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Groups to open kitchen in February

Kitchen
Dec. 25, 2009 @ 10:43 PM

HUNTINGTON -- The cameras are gone, but work at Jamie's Kitchen on 3rd Avenue is reaching a feverish pitch.

The made-for-television kitchen across from Pullman Square has a long way to go to become the one-stop-shop for healthful cooking that celebrity chef Jamie Oliver envisioned. Oliver invaded Huntington this past fall to film an unscripted television series about improving the area's eating habits.

But the fundamental pieces are falling into place. Ebenezer Medical Outreach, a free health clinic in Fairfield West, has agreed to run Jamie's Kitchen, now renamed Huntington's Kitchen. Cabell Huntington Hospital donated $50,000 that Ebenezer will use for rent and utilities. Oliver left behind detailed instructions for a 10-week cooking course. And U.S. Food Service will give the kitchen all of the food and cleaning supplies it needs for one year.

"This is truly a leap of faith, and I believe it's something we are supposed to do," says Yvonne Jones, executive director of Ebenezer Medical Outreach. "Lots of people have trouble with that philosophy, but it's how we've always operated at Ebenezer."

Oliver established the kitchen as a springboard for people to learn how to cook from scratch. It was modeled after the food information centers that he opened in his native England for another reality television series called "Ministry of Food."

Jones and Ashley Thompson, Ebenezer's program director, know they don't have much time to prepare the kitchen to catch the wave of interest that they anticipate will occur when "Jamie Oliver's Food Revolution" debuts on ABC this winter. The network has not announced when the show will air, but officials with the show have speculated it will start sometime in February.

"I'm getting e-mails daily from people who live in the surrounding states, and I've gotten a few as far away as California," Thompson said. "When the show airs, we want to make sure the kitchen is ready to go so this positive story about Huntington gets told."

Thompson said officials with the show have told her ABC will air a preview of its winter lineup on Jan. 12. "Jamie Oliver's Food Revolution" will be among the shows highlighted, she said.

Ebenezer's goal is to have the kitchen ready by then so it can offer a few classes a week, Thompson said. The class offerings will increase to as many as four per day as the show's debut nears, Jones said. As many as 12 people will be able to enroll in each class.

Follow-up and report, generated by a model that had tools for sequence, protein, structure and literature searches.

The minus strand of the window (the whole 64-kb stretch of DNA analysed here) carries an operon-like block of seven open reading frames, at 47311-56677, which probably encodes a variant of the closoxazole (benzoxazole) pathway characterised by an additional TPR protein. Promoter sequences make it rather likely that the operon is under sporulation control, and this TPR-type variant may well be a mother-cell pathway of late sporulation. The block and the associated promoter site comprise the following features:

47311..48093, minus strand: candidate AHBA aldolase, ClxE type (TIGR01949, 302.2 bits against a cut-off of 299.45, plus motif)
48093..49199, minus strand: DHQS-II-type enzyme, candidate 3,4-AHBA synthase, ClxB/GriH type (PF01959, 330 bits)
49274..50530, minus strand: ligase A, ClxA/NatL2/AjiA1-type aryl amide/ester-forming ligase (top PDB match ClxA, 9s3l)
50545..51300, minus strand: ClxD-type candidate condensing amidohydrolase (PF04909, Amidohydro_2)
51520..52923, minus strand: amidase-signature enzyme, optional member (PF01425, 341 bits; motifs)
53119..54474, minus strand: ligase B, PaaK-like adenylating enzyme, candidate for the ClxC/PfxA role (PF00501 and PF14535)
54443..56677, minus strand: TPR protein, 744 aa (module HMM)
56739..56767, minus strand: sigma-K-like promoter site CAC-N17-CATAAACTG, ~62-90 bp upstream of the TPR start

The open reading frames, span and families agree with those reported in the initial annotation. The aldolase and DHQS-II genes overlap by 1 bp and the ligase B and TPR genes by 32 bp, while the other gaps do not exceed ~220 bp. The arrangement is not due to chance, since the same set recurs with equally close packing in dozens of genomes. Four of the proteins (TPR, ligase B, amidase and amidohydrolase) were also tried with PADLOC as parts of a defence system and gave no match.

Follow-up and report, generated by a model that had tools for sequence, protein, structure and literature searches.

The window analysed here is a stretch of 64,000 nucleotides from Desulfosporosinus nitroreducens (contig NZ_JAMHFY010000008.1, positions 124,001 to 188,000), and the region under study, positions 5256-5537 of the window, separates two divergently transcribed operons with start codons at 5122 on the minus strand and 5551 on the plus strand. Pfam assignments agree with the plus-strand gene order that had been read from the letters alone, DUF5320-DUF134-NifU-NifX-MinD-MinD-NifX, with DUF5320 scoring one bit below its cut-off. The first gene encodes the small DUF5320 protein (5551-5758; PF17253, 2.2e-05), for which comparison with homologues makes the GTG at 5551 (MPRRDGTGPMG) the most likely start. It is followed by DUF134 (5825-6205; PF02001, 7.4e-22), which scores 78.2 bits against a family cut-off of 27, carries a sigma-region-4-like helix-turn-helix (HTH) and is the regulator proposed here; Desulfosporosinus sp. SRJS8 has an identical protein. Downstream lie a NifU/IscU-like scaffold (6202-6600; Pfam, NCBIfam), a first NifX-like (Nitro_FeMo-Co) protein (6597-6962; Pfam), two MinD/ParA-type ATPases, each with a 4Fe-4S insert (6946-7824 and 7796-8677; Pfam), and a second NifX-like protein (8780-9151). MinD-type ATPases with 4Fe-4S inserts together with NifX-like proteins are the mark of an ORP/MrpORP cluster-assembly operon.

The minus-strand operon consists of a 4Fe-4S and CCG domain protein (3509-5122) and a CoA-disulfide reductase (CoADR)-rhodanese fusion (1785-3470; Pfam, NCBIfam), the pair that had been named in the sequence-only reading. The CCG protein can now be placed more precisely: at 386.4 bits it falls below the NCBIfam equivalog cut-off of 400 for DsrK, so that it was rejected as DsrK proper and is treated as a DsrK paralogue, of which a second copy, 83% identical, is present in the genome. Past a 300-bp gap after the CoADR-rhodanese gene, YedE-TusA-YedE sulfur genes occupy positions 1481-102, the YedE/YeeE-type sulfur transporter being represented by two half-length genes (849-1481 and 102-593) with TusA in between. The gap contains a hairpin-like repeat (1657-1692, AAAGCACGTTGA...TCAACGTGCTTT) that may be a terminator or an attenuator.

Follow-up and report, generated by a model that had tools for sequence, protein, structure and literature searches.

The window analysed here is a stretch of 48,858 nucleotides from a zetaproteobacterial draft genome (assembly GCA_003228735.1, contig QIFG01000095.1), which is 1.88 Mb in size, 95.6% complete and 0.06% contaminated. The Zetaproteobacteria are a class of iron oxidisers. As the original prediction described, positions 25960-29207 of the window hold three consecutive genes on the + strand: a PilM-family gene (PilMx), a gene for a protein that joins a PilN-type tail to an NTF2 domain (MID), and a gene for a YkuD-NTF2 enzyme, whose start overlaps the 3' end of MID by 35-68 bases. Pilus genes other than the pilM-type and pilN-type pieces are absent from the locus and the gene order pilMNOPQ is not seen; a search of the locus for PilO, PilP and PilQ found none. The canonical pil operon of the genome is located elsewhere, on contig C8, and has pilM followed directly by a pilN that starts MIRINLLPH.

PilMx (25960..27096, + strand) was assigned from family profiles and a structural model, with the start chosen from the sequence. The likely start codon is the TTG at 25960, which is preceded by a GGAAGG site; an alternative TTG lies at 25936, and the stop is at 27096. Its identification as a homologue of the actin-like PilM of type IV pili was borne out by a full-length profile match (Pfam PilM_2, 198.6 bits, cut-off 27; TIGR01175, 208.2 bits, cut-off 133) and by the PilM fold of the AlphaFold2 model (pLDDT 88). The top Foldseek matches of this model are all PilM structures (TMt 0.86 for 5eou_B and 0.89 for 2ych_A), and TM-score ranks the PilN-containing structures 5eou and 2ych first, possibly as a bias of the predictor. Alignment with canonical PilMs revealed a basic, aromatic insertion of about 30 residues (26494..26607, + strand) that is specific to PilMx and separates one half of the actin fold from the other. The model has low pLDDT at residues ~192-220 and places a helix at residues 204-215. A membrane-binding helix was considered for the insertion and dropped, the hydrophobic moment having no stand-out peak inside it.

But there's a laundry list of things that need to be done to the space before it can operate as a full-time kitchen, Jones said. After filming stopped, the Cabell-Huntington Health Department inspected the kitchen.

"The health department knew it was a temporary thing during filming, so they let certain things slide," she said. "These things are now going to be requirements if we're going to operate as a full-time kitchen."

The kitchen needs funding for ovens, a commercial dishwasher and a larger refrigeration system, Jones said. Food used in the kitchen during the filming of the show had to be stored in a refrigeration system at the old Dos Amigos restaurant space at Pullman Square.

It also needs funding to pay a kitchen manager and cooking instructor, the only full-time positions that will be offered at the kitchen, Jones said. It will use a dietitian on a part-time basis and has several offers from volunteers willing to help with other duties, she said.

Ebenezer will ask for a $10 donation for each weekly class, which amounts to $100 for the 10-week course, Jones said.

"It's all about making this kitchen accessible," she said. "If a single mom is on food stamps and needs to learn how to prepare healthy meals on a budget, she'll be hard-pressed to spend more than $10 a week. And if she doesn't have $10 a week, we'll take whatever amount works within her budget."

Jones sees the kitchen as a catalyst for other initiatives that foster healthy lifestyles in the Tri-State. She wants to create a "Healthy Huntington" advisory board that would coordinate with the kitchen and sponsor events. She also sees the kitchen expanding its role over time by offering shopping excursions to grocery stores to show people how to shop for healthful food on a budget.

"I think bringing healthy lifestyles into this re-creation of Huntington that so many people are now involved in is absolutely critical," Jones said. "You don't typically think of an Appalachian city working toward being healthier. We want to take it a step further and show the country we can be the leader."

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